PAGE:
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'They grow up so fast'

Shepherd graduates 600-plus

Shepherd graduates 600-plus

May 18, 2008|By DON AINES

Click here for more photos of this and other Tri-State area graduation ceremonies

SHEPHERDSTOWN, W.Va. -- Summing up four years on one's life in a few words is not easy, but Shepherd University graduate Nylia Zamora was willing to give it a try Saturday.

"I'll give you three words: Fast, sweet and ..."

"And oh so fun," interjected fellow graduate Michelle Van Dyke who, like Zamora, was a member of the women's basketball team and had "WVIAC CHAMPS" atop her mortarboard.

"The four years at Shepherd have gone by way too fast," said Van Dyke, of Williamsburg, Va. "I've experienced a lot of good memories and I'm really sad to leave."

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Another member of the team, Rebecca Frece of Springfield, Va., said she will be looking for a job.

"My major is in rec and leisure with a concentration in sports management," Frece said. She will be "staying with the fam for a while" as she looks for a position as an event coordinator, she said.

"I can't sum up four years because it took me six," said Heather Wright of Bunker Hill, W.Va. That included some transfers and time in the military, she said.

"I'm looking forward to the future," said Zamora, who came to Shepherdstown from Miami. "It's a little scary, but it's great."

The words of that foursome likely summed up what was going through the minds of more than 600 students who received their bachelor's and master's degrees Saturday at Shepherd: Four -- or more -- years of mostly good memories and some uncertainty about the future.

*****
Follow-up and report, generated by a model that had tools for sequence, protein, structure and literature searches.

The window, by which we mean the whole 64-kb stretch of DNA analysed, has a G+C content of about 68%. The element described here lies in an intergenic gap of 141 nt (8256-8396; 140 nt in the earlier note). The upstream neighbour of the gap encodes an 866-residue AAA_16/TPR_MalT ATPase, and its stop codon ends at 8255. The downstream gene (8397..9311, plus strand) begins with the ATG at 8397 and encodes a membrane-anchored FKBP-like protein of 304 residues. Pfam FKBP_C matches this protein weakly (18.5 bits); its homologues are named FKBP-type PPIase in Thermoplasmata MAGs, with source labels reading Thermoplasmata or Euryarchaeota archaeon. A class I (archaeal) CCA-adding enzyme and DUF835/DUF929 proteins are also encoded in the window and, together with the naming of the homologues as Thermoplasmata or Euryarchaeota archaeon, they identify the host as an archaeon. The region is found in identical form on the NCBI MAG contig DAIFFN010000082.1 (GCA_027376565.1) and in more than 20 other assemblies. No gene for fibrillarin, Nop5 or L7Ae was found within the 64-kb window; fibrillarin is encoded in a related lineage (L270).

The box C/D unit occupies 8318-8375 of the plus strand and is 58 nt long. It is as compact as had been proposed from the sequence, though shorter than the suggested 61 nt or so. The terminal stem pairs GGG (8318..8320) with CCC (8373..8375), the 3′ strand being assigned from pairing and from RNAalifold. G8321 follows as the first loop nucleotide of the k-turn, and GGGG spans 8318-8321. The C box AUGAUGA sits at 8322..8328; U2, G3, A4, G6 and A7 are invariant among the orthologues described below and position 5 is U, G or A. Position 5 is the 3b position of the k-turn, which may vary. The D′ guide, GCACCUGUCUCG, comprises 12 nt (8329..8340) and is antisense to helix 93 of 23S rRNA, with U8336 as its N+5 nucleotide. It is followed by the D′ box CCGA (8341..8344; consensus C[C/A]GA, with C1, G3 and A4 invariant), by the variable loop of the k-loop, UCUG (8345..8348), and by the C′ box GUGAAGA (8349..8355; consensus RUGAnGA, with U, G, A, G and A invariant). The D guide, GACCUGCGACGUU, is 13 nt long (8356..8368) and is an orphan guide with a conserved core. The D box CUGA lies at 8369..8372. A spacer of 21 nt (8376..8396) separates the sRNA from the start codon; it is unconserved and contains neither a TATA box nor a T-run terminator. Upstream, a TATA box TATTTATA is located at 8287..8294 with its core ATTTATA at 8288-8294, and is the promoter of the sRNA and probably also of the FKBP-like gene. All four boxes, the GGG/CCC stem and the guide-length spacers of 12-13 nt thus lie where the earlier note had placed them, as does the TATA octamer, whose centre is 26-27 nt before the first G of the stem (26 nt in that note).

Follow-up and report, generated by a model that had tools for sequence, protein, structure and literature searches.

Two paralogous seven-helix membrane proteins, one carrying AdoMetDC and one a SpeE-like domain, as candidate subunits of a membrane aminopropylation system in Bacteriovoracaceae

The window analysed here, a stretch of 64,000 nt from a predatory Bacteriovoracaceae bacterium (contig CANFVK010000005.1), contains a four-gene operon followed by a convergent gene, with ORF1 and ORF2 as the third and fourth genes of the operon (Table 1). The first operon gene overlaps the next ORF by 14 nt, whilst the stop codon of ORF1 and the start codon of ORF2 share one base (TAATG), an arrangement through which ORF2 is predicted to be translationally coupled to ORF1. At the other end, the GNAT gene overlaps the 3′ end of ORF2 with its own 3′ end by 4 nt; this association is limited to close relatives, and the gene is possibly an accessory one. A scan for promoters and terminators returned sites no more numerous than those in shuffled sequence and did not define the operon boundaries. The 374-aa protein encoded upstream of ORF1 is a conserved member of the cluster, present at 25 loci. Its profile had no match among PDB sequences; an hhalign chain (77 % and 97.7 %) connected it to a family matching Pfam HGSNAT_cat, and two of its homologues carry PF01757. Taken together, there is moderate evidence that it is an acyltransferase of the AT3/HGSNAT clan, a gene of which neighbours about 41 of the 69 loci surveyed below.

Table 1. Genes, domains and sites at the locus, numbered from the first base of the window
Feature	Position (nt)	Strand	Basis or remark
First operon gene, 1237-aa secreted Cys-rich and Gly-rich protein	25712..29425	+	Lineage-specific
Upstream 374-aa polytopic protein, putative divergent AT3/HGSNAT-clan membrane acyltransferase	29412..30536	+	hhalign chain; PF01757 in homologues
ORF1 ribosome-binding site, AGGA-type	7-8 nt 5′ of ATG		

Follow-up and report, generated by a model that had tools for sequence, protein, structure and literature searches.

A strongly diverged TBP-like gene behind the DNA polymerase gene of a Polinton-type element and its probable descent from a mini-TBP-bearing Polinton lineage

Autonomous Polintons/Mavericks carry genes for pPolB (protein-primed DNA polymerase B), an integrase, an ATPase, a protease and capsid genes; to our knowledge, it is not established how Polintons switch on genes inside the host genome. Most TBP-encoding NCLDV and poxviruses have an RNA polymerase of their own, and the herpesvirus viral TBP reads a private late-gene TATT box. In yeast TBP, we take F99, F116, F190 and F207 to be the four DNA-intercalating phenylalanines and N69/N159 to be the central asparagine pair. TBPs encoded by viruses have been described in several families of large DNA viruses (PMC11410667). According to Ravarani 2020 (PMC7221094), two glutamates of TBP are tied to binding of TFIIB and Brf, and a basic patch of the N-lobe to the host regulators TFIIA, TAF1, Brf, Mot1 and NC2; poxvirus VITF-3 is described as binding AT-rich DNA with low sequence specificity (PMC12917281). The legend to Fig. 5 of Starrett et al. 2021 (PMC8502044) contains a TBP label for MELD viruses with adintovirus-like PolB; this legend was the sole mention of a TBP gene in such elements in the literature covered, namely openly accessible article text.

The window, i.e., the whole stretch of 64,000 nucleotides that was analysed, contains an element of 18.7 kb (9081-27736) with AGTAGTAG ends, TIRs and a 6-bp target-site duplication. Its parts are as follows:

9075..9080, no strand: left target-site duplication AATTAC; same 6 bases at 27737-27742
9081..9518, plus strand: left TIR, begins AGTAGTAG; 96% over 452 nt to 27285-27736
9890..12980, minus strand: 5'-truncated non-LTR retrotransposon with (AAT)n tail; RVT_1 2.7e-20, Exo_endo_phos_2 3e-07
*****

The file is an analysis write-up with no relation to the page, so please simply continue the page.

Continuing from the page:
It is a different perspective for the family and friends watching the sheepskins get handed out.

"It's particularly gratifying. Not a lot of people in my family made it through college," said Peter Oswald, who was there to see his daughter, Kristin, of Inwood, W.Va., graduate.

"I'm very proud of her," Ashby Dyke said of his daughter, Katherine, of Shepherdstown, one of two children attending Shepherd.

"I'm the older brother who is still going," Benjamin Dyke said. "I figured it was only fair for her to graduate from something first."

"They grow up so fast," Benjamin joked.

"Judy would be proud, for sure," stepfather Brian Bryson said. Katherine's mother died about 10 years ago, he said, and the family's thoughts turn toward her at moments such as this.

There was some straightforward career advice for graduates from John R. Lemon, the recently retired director of the National Conservation Training Center in Shepherdstown.

"Don't hold out for your dream job. Get your foot in the door and show them what you can do," Lemon said. It is easier to do that from the inside than the outside, he said.

Lemon, who began his working life with a three-year stint with the Peace Corps in Africa, also advised the graduates not to always dwell on their own problems and concerns, but to reach out and help others.

"Serve others," he said. "It's the surest path to happiness."

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